Globally, the world is going though a period of economic rebalancing and change. Within this, Chinese economic restructuring is very important. Can China rebalance its economy? There has been a strong line of argument for some time that says no, or at least not in the short term and not without pain. As I have argued, I don't fully share that view, but I do think that there are troubled waters ahead.

I think that we can add two further things to the mix.

The first is peak oil, the point at which global oil production starts to decline. Ten years ago Peter Hill, one of my professional colleagues, argued that peak oil was far closer than anybody realised. There is now evidence that it may have arrived, meaning a growing gap between demand and supply, with the gap closed through price increases. The second is the possibility of climate change.

We could also add to the mix that global production of certain forms of fertiliser may have peaked.  

From a purely Australian and New Zealand domestic viewpoint, I think that we have to ask the question what if, maybe what when, we do when things go wrong. I am not a doomsday person, being by nature an optimist. However, I do think that there is a degree of naivety in current reporting and thinking.

Perhaps more later.         


Anonymous said...

Jim, I think your title said it all, really.

That post of Neil Whitfield's is very good - thanks - but on the republic thing, I think it will probably continue to founder on just how a replacement head of state is determined/selected/elected.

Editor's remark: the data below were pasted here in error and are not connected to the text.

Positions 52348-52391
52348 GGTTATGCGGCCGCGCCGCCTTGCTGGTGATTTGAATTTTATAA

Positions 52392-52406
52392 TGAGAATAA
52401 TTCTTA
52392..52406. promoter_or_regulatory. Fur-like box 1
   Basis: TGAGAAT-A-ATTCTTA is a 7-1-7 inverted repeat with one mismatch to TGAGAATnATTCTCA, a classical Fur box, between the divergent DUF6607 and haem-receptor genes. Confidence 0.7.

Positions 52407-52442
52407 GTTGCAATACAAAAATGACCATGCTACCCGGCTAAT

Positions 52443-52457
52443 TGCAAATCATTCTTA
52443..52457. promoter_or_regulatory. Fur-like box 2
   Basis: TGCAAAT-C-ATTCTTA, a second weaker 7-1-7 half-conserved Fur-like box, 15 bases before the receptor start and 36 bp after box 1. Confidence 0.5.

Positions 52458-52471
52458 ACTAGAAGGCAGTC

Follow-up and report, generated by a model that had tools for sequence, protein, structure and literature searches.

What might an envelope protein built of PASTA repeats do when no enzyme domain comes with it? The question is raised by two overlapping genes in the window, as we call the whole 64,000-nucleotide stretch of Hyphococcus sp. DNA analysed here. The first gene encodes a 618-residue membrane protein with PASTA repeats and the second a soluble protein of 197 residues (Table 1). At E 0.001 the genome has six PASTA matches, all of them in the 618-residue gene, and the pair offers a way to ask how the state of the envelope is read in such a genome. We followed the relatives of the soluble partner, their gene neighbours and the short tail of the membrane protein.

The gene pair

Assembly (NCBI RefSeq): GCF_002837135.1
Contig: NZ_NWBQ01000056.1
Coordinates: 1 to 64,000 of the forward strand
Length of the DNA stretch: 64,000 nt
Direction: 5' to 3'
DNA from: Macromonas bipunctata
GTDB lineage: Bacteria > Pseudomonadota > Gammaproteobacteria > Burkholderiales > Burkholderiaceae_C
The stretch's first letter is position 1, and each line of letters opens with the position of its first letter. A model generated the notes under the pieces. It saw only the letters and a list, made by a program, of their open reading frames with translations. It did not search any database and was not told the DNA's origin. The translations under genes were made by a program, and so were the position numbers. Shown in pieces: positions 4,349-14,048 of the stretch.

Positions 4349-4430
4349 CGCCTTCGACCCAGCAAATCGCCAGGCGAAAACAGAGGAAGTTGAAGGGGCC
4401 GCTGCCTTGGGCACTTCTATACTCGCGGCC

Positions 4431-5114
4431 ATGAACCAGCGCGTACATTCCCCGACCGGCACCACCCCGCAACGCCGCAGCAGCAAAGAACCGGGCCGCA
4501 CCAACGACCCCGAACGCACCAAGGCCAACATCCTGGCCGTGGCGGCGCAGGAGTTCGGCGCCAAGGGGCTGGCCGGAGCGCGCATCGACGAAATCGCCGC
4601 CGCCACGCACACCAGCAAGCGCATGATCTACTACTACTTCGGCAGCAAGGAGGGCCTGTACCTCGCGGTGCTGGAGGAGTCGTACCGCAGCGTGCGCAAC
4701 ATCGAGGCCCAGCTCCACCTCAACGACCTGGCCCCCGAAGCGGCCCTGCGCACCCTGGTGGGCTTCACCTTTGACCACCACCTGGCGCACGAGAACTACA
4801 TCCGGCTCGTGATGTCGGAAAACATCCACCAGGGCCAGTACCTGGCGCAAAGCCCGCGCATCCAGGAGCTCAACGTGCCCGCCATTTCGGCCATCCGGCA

i.e. maybe they need to divorce the two questions? Get the concept past the post, then waste eons arguing about how to get a replacement in place. Meanwhile, Rome burns.


Jim Belshaw said...

I am terrified, actually, that they will try that double barrelled thing, get past the first, then end up with no one in agreement, an existing system that has been voted down, and nothing anybody agrees in its place.

As you say, in the meantime Rome burns. You will see the link, by the way, between this post and our earlier conversation in comments.

Anonymous said...


On skepticlawyer in a post by DEM about the Royal nuptials, Lorenzo quoted a para from this source:

as follows, with which I totally agree:

Having a monarch as the symbolic head of state keeps elected officials in their place, provides an apolitical outlet for popular hero worship and the cults of celebrity, and satisfies the human hunger for ceremonial authority. If it’s an affront to democratic sensibilities, it’s also a safeguard for democratic institutions. Better a real king, crowned and powerless, than the many pseudo-kings who have strutted (and still strut) so destructively across the modern stage.

I'm being totally unoriginal, but I believe this sentiment is probably indicative of most of our fellow Australians at this stage.


Jim Belshaw said...

I think that you are probably right in what people think.